Friday, January 30, 2015

My Buddy

     We've recently had quite a lot of snow in New England ... all at once.  I don't know which is worse - two feet of snow in one night, or two feet of snow spread out over a month.  It's sort of like the way I looked at my first two children's birth stories.  The first one took days with 27 hours of active labor.  The second one took an hour and twenty minutes.  Looking back, I really can't decide which one I preferred, as they were both overwhelming.
     With all the snow and clean-up, which is still far from over, the customers have been sparse, but today brought an interesting story.  We were helping a woman get into her safe deposit box.  We've recently moved everything online which has created some challenges for us, as we are in an older branch and sometimes the computer doesn't match the paperwork.  No problem though, just a little extra work to make the computer match, as paper is the trump.  In her case (we'll call her Sarah), only her mother (we'll call her Mildred) was listed in the computer - and it was frustrating her that it was taking a little longer.  I stepped in to explain that we'd certainly take care of her need today, but if she could bring Mildred in the next time, I'd be happy to clear this up.  Sarah said that would be difficult, as Mildred didn't get out a lot.  I started to brainstorm out loud how I could make this happen for them, looking up Mildred's info to try and make it easier.  I noticed that everything was very outdated, and it was going to be a bit of a challenge.
     Then Sarah looked at me and said, "ok ...  my mother died 15 years ago.  I've been negligent in fixing this, because I couldn't bear the thought of taking her name off the box.  Isn't that crazy of me?"  And the way she looked at me, her eyes welling up with tears ... I completely understood.  She had her hands in front of her on my desk.  So I reached over and placed my hand on top of hers.  I told her she wasn't crazy at all.  I told her that my mother's desk sits in my bedroom.  I told her that each drawer is unchanged from the way she left it.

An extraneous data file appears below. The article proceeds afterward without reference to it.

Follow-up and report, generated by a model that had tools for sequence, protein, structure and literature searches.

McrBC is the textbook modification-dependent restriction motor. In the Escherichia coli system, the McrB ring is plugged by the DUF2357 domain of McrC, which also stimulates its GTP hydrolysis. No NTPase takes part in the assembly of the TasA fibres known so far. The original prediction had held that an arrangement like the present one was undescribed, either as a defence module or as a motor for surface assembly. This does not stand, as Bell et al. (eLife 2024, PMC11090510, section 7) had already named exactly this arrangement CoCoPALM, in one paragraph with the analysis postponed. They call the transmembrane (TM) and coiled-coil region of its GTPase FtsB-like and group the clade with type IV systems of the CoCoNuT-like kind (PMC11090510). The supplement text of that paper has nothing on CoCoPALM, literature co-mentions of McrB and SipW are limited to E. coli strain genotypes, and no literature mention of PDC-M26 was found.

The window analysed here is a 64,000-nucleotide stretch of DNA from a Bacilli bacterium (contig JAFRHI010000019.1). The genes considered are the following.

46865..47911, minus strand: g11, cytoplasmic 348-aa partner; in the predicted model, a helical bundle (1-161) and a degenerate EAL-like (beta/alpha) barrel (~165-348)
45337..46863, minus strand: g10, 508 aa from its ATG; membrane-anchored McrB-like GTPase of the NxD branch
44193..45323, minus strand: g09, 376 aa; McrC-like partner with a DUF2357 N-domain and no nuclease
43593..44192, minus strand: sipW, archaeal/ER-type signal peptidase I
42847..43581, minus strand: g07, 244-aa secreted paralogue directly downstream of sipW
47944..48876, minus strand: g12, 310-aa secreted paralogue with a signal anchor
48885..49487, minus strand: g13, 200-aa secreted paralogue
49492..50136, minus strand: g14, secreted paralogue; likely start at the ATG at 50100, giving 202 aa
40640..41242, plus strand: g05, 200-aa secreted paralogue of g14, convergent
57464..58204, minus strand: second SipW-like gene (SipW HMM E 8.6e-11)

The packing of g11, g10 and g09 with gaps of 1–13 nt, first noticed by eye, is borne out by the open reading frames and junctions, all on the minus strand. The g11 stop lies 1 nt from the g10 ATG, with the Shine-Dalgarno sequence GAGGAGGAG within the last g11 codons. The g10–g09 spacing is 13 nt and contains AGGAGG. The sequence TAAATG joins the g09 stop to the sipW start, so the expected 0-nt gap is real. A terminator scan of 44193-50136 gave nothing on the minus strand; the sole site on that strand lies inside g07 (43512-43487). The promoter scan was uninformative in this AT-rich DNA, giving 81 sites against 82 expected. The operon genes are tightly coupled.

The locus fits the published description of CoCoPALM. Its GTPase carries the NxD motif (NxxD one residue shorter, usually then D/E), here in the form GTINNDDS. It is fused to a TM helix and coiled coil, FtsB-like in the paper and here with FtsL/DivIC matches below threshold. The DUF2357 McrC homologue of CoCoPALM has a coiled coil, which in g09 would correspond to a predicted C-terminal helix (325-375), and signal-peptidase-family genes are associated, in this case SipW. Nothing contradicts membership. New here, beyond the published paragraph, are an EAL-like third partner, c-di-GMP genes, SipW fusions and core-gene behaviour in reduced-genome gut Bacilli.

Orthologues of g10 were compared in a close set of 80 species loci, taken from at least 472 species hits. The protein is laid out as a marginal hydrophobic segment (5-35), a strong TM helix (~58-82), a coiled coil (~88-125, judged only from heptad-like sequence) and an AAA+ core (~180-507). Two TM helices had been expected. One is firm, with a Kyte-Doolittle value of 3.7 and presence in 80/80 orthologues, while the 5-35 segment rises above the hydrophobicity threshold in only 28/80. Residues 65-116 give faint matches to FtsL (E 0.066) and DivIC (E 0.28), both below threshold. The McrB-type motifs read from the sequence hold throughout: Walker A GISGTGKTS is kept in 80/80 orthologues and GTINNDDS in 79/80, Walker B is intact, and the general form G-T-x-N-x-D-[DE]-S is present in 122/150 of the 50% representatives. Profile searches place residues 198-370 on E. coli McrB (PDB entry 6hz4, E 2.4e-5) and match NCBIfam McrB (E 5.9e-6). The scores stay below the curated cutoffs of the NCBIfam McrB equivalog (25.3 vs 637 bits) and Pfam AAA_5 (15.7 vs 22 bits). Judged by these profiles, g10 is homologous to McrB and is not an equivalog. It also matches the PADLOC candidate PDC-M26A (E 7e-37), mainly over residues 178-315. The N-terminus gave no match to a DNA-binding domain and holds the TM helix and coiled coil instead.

I didn't tell her that the middle drawer has her fabric markers in it, her scissors - one labeled in her handwriting "fabric only," sharpened pencils I will never use.  The top right drawer has special trinkets and little metal boxes filled with necessities.  The top left drawer has her handmade address book filled with family birthdays and lists she was working on.  (She always made lists.)  There's a list of things to do "when I get out of the hospital" - that one stings every time I read it.  It has a little book of poetry that she collected over the years, writing some of it out by hand, others photocopied, some her own.  The novena she used to pray during intense times of tribulation is at the front.  The bottom right drawer holds my baby book.  It used to hold my sister and brother's books, but I thought it only right to give them their books.  The bottom left drawer was empty, so I added some of my own files.  It gives me a pretend reason to be in the desk, instead of looking over the things she used to touch.
     When my customer was done looking at her safe deposit box, she came to say goodbye to me.  She took her wallet out of her purse and showed me a tiny black and white photo of a young woman in the outside plastic pocket.  She said, "This is my buddy.  She's always with me."

1 comment:

  1. I have my dad's wallet. I go through it all the time. I sniff it too sometimes.